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TechnologySep 24, 2014

Modern Web Development Best Practices Powered by Grunt.js Part 11: Data URI & Image Optimization

Fernando Berrios

In the last part of this series we talked about image spriting, but there’s also an alternate approach: using the data URI scheme. It will allow you to drop that extra image sprite HTTP request but at the expense of increasing the overall size of the generated CSS. This approach uses the data URI scheme that is supported in newer browsers (check this compatibility chart) to convert an image into a string of text the browser can represent as an image. Compass includes a few helpers we’ll use to get our sample project to utilize this technique.

tutorial:

git checkout inline-image

Data URI Inline Images

Only a few changes are required to implement this feature. First, we create a simple mixin that will set the background image, width, and height to the elements that have been applied.

@mixin bg-inline-image($image) { background-image: inline-image($image); height: image-height($image); width: image-width($image); }

This mixin takes only one argument, which is the relative path to the image. To use it, we can do this:

&.logo-1 { @include bg-inline-image("icon/compass.png"); }

&.logo-2 { @include bg-inline-image("icon/map.png"); }

I’ve converted the elements we previously had using sprites to now be inline images. That’s it! Once “grunt compass” is run and the page is refreshed, it will look exactly the same. But the generated CSS will look a bit different:

Notice those highlighted strings? Those are the encoded images, which have become really long strings embedded in the CSS. Also notice that they go past the margins of my text editor. They go on for quite a bit (how long depends on the image). Keep in mind that most modern web servers will compress the output before it is sent to the client, and text always compresses better than images. But you might not want to have all your images as inline images. This technique works well when you have a small to medium set of images you need to use. It also works without conflicting with CSS sprites, so you can choose both depending on your needs.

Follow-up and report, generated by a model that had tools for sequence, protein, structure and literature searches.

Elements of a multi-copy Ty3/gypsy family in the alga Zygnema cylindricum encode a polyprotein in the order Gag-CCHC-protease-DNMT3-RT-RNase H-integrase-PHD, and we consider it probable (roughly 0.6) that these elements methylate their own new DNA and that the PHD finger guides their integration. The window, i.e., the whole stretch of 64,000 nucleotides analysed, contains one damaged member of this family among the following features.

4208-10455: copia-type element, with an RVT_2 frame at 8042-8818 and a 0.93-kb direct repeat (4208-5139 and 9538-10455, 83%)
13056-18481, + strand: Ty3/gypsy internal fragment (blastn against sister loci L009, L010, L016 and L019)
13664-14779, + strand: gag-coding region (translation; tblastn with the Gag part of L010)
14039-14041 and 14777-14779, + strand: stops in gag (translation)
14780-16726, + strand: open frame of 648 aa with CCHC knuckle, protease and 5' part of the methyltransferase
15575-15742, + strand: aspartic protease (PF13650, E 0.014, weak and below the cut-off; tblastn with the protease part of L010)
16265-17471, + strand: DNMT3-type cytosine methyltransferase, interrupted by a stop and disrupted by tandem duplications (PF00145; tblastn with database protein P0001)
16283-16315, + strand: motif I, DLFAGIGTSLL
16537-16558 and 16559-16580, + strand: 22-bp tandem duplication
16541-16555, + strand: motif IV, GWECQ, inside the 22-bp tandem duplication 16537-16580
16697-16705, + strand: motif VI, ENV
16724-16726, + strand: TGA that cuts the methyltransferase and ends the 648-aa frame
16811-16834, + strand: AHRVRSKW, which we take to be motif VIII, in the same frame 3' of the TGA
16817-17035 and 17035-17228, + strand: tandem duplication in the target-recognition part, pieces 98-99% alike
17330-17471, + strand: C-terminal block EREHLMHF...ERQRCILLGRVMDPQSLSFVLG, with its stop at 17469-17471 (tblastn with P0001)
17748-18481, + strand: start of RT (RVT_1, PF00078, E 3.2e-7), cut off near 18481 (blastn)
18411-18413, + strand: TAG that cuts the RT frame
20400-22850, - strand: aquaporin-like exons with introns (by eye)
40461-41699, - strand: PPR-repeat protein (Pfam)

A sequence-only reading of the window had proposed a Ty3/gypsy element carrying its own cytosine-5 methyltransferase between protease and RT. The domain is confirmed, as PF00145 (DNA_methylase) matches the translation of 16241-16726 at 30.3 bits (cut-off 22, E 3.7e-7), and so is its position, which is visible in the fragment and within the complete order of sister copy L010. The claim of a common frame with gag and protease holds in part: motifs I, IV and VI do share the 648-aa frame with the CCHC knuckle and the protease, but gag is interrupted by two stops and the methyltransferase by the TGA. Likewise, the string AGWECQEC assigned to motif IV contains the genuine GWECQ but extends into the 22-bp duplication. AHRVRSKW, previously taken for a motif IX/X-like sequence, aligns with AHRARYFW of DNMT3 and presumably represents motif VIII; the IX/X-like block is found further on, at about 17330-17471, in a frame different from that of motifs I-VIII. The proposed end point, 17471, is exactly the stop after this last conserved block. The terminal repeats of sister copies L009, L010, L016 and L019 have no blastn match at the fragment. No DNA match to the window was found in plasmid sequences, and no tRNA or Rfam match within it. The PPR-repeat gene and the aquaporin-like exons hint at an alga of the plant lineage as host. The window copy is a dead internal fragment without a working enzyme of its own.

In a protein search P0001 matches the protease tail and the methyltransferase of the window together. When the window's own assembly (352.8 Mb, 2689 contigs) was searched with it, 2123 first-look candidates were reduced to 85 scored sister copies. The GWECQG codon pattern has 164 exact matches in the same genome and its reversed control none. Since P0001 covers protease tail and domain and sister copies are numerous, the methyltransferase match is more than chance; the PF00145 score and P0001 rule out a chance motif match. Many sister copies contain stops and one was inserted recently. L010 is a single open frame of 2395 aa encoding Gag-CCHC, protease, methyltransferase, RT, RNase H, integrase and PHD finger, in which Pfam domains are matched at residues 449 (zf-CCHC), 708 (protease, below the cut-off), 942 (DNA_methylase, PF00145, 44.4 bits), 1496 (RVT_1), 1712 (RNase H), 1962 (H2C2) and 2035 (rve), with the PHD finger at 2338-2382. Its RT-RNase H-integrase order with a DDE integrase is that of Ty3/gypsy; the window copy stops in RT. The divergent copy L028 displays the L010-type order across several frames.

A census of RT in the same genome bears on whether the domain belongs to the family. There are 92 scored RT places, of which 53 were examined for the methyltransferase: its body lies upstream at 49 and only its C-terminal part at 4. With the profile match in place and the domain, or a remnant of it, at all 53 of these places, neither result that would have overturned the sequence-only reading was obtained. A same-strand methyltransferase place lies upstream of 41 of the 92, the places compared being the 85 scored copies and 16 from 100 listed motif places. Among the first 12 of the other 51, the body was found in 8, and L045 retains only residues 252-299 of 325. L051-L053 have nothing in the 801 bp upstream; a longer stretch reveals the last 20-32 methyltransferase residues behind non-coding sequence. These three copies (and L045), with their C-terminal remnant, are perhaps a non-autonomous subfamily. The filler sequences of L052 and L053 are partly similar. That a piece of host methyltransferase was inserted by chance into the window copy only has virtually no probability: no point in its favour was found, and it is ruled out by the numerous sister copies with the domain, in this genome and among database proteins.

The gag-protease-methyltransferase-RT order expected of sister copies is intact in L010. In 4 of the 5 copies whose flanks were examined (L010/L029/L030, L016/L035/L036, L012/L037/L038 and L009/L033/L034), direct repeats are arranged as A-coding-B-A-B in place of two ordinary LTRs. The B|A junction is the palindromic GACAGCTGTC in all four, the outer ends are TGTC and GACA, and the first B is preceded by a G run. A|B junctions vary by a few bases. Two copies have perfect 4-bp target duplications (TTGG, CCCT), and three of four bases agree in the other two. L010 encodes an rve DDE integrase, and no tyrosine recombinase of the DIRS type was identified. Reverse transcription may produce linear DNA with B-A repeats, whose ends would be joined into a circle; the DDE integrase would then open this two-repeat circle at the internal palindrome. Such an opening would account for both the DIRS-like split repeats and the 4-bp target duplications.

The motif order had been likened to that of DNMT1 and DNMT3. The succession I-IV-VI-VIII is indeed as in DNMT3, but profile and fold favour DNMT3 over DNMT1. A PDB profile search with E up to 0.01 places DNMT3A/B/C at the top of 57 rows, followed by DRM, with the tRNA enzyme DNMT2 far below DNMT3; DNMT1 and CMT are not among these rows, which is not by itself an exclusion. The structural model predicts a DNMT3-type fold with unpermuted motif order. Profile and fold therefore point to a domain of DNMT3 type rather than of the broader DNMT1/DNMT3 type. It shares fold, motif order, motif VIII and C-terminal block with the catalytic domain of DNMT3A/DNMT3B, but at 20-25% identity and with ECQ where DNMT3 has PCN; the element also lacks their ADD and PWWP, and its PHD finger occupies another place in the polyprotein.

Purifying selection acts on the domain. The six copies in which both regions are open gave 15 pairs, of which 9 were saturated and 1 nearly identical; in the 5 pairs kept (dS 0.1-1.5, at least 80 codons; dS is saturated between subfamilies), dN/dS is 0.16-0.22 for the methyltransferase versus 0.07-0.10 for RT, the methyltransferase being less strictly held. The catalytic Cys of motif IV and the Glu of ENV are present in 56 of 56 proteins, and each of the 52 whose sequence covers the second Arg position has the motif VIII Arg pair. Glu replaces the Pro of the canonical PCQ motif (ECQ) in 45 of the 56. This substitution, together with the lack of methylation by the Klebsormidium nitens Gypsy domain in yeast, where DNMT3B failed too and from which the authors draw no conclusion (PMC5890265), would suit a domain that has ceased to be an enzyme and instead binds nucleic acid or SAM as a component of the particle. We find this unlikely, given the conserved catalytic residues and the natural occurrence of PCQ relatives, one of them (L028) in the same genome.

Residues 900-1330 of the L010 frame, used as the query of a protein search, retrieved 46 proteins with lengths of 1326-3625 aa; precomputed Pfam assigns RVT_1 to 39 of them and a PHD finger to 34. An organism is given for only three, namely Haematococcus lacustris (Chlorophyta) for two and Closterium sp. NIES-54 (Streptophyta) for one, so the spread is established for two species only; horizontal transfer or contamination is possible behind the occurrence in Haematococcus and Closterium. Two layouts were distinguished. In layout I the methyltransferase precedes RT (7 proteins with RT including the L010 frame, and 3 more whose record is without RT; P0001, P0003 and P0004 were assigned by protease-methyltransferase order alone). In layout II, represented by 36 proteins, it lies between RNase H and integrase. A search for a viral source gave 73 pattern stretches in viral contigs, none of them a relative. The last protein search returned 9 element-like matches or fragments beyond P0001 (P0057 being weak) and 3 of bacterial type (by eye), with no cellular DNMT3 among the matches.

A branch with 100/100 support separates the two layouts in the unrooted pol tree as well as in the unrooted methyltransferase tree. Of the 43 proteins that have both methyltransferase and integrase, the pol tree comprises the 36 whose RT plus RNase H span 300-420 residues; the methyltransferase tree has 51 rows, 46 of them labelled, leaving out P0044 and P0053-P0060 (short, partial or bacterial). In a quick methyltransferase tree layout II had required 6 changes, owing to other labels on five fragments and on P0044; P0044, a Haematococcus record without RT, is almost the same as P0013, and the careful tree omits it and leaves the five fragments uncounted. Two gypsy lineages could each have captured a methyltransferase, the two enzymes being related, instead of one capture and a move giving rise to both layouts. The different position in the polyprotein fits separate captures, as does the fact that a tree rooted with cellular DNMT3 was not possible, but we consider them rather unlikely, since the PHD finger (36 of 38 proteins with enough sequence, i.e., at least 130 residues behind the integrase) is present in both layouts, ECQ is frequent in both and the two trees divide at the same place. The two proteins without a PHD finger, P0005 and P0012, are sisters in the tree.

Image Optimization

For whichever approach you take, there is an additional step to optimize the size of images. Programs like PNGGauntlet, ImageOptim, as well as the “Save For Web” function of Photoshop allow you to shave off a few kilobytes from your image files by applying compression algorithms and removing unnecessary metadata and color profiles. While handy, these applications must be run manually as they are Graphical User Interface (GUI) applications. Fortunately, under the hood all these apps delegate their image optimization tasks to Command-Line Interface (CLI) programs, which means we can once again make use of Grunt.js to automate things.

tutorial:

git checkout imagemin npm install

To implement this we will use the “grunt-contrib-imagemin” plugin. This employs a few CLI tools (OptiPNGpngquantjpegtran, and gifsicle) to optimize different types of images. For our case, we will optimize the sprite image we created a few steps back. To do this we add this configuration to the “grunt.initConfig” section:

imagemin: { png: { options: { optimizationLevel: 7 }, files: [ { expand: true, cwd: imgFolder, src: ['icon-*.png'], dest: imgFolder } ] } }

Now when we run “grunt imagemin,” the task works its magic:

As you can see in the screenshot above, our sprite image was reduced by 73 kB (from ~104 kB to ~31 kB), and there is no discernible change in the image quality. Nice!

Keep watching this blog for the last part of this series, in which we’ll discuss using feature detection and dead code removal techniques.  In the meantime, follow @CrederaMSFT on Twitter and Credera on LinkedIn for more great best practices.

To view the rest of the Modern Web Development Best Practices Powered by Grunt.js series click here.